When humans wanted to settle the Island to build a grand City, they had to negotiate with the Kurbs—creatures of darkness who possess the Island. Each year, the humans must perform a ritual to acknowledge and pay respect to the Kurbs and their Power. The ritual begins on June 21st when the Kurbs hide their Power somewhere within the City. The humans have until noon on December 21st to find the Power and restore it to its rightful place. Should the humans fail, the Kurbs will forfeit their contract with the humans, freeze the City, and take the Island back. This year, thanks to the evil Mr. Underton, the City has never been closer to failing to complete the ritual. It is up to Sarah and Carlos, two 11-year-old children, to ensure their City survives to the next year.
Avi creates interesting lore in City of Light, City of Dark and blends both traditional exposition and comic book storytelling with mixed results. At times, the writing feels ethereal, as if Avi is simply the medium for revealing ancient truths. But at other times, the writing comes clunking down with too much telling, not enough showing. Still, the adventures of Sarah and Carlos as they strive to save both their cities and their families keep the interest levels high and the pages turning.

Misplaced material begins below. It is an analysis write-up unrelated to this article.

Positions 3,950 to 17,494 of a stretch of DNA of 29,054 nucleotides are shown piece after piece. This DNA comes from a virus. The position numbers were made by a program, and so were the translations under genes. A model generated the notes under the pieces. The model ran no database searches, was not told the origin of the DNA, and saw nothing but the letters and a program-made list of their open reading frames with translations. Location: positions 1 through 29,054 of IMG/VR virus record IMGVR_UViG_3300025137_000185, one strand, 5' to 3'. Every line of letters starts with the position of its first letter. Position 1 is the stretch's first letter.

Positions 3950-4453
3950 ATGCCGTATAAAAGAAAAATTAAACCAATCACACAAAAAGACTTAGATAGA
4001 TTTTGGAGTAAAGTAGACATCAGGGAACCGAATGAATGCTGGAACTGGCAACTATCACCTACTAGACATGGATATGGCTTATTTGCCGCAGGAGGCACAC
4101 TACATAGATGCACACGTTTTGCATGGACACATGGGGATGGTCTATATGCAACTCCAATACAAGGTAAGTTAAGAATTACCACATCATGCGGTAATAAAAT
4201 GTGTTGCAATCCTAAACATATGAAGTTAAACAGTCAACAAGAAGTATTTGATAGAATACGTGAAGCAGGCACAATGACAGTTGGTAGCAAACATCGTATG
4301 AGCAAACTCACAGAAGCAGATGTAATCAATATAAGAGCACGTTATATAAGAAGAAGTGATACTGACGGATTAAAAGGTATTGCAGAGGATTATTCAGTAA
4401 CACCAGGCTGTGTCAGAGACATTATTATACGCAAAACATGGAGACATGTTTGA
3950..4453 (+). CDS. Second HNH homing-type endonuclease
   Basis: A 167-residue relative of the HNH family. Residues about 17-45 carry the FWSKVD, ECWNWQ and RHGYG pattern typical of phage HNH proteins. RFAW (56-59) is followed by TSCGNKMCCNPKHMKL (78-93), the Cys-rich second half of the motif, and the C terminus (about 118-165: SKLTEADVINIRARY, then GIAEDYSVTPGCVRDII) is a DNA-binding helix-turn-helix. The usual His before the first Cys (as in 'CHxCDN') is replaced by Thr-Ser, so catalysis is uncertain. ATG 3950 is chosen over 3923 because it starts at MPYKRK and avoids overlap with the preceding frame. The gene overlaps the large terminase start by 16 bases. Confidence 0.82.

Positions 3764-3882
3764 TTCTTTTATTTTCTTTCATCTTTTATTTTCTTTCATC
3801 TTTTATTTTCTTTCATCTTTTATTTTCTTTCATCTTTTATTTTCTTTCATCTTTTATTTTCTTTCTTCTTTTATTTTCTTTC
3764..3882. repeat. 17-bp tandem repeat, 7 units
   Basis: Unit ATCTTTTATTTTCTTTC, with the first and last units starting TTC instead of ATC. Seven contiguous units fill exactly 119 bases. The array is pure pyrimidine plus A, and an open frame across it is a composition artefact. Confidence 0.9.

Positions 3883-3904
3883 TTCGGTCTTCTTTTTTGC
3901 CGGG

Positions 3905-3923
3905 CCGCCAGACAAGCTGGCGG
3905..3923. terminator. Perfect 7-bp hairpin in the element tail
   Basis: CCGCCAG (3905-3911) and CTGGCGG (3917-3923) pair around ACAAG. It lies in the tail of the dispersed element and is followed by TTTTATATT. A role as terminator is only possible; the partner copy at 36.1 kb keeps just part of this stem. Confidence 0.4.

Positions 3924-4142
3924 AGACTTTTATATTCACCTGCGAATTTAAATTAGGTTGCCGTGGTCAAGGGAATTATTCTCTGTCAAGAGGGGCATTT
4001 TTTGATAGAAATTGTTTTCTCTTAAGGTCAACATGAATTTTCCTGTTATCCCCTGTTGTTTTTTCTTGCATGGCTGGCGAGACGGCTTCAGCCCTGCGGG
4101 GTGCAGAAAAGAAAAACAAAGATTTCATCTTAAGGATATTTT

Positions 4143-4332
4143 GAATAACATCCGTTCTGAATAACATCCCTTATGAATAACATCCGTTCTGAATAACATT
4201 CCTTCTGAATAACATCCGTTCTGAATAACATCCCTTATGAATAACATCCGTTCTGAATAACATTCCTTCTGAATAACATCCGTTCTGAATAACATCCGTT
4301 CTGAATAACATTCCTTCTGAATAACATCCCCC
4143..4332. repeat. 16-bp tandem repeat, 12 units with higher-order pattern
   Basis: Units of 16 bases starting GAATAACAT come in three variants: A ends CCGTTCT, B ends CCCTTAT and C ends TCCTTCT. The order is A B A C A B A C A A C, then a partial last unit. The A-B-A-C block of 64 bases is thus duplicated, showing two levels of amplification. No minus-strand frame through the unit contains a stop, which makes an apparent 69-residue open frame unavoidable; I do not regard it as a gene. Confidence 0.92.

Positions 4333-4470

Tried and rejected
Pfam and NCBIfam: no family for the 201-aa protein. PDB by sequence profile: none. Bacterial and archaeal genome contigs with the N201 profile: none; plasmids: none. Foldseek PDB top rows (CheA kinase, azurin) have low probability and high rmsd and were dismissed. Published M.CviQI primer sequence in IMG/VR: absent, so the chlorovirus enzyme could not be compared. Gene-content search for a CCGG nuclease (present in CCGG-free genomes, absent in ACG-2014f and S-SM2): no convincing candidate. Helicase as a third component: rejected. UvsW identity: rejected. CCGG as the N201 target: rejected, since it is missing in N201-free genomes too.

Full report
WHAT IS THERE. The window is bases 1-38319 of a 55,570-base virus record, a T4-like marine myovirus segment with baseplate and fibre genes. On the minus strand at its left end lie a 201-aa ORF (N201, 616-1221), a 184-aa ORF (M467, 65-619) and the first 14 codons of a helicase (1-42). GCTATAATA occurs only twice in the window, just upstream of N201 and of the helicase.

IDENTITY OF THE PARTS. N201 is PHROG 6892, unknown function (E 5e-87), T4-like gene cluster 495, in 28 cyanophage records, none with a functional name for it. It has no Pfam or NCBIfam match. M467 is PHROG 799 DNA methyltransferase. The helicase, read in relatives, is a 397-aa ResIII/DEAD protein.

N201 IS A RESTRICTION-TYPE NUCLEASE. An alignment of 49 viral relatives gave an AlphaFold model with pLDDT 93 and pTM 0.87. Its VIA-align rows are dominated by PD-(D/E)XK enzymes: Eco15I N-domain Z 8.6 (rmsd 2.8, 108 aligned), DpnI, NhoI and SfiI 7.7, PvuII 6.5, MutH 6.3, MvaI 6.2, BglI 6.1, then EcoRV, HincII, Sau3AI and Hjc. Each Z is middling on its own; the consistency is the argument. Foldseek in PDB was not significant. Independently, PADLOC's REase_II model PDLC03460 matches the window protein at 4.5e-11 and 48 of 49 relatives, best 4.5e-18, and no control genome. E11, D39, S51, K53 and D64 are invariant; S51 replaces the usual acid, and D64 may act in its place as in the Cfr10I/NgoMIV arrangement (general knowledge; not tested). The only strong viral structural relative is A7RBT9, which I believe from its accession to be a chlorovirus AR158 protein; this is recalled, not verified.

Floca’s black and white line drawings are simple, with the vast majority of panels feeling a little like a comic strip. Floca’s talent really shines when he wants to draw your attention to a specific moment between two characters or to show the beauty of a cityscape. Here Floca uses straight line shading and bold white spaces to add drama and atmosphere to these moments.
The folklore Avi creates in City of Light, City of Dark can be enjoyed by a wide audience, but the text size and spacing as well as the age and experiences of the protagonists plant it firmly in the upper elementary to middle school range.
Fans of the Percy Jackson series and other mythological based stories may find Avi’s spin on the season myth particularly interesting. Also, children and teens who are used to fending for themselves and/or taking care of their parents will certainly relate to Sarah and Carlos.